Sketch of Pengiran Raja Muda Hashim who became the close friend of Brooke, c. 1846.

In August 1845, Admiral Thomas Cochrane arrived at Brunei with a squadron of from six to eight ships to release two Lascar seamen who are believed to be hidden there.[38][42] Badruddin accused Yusof of being involved in the slave trade due to his close relations with a notable pirate leader Sharif Usman in Marudu Bay and the Sultanate of Sulu.[38] Denying the allegation, Yusof refused to attend a meeting with Cochrane, and escaped after been threatened with force by Cochrane before regaining his own force in the Brunei capital. Cochrane then sailed away to Marudu Bay in pursuit of Usman, while Yusof was defeated by Badruddin.[38][42] Hashim managed to establish a rightful position in Brunei Town to become the next Sultan after successfully defeating the piratical forces led by Yusof who fled to Kimanis in northern Borneo where he was executed.[43][44] Yusof was the favourite noble to the Sultan and with Hashim's victory, this upset the chances of the son of Sultan Omar Ali Saifuddin II to become the next leader.[44][45] Mahkota, who had returned to Brunei in 1845 after his capture in Sarawak in 1844 became the Sultan's adviser in the absence of Yusof who had been executed, he prevailed on the Sultan to order the execution of Hashim,[42] whose presence had become unwelcome to the royal family, especially due to his close ties with Brooke that were favourable to English policy.[46] Beside that, an adventurer named Haji Saman, who was connected to the late Yusof, played upon the Sultan's fear of Hashim taking over his throne.[47]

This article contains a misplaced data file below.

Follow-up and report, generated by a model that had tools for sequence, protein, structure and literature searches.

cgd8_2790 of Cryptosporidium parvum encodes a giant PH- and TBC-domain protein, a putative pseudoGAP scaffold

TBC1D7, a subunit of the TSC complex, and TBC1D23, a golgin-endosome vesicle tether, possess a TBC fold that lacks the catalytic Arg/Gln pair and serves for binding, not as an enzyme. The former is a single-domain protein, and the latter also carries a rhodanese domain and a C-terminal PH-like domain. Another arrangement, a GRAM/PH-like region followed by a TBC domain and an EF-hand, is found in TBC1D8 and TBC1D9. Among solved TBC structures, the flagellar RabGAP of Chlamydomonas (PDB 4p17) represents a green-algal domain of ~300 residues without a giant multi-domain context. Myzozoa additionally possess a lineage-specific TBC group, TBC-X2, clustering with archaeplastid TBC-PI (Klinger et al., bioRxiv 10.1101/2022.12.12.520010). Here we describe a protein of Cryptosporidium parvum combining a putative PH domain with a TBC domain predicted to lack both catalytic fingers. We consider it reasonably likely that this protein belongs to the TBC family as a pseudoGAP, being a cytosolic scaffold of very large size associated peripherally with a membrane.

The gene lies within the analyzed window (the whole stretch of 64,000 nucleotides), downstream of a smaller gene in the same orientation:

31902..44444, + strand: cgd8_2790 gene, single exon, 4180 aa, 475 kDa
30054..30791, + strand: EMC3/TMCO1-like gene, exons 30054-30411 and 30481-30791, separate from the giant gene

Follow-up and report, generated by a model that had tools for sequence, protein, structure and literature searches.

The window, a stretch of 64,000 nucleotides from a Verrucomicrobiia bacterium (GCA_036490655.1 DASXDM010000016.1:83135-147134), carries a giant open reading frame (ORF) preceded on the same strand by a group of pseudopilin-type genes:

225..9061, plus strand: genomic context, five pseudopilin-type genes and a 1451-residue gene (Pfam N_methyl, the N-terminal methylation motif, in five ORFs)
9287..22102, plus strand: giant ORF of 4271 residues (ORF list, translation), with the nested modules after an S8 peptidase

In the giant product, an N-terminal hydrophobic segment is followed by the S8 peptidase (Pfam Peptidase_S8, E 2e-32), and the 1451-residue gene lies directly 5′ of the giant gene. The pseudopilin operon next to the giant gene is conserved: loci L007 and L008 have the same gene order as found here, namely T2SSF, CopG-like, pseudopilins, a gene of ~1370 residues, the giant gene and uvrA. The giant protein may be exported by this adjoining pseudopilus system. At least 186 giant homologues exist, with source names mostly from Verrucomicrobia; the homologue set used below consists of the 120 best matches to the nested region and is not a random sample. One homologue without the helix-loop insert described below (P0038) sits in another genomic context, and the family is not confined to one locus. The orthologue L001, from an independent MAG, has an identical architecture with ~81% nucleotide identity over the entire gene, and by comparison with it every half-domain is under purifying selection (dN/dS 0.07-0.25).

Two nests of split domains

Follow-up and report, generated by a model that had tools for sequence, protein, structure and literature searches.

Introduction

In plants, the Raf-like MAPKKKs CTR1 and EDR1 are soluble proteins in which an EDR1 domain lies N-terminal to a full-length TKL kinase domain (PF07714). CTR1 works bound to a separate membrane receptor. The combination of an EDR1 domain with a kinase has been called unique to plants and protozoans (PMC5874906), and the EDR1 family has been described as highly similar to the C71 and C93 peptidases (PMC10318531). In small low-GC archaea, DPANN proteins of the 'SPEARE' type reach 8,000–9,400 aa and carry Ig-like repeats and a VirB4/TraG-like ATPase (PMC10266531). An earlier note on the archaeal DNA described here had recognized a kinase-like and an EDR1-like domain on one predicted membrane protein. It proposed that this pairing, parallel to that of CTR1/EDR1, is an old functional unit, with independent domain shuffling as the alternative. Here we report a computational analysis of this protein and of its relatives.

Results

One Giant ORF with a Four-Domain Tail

Steamer Phlegethon and the boats of Thomas Cochrane repelling an attack from the forts of Borneo Proper on 8 July 1846.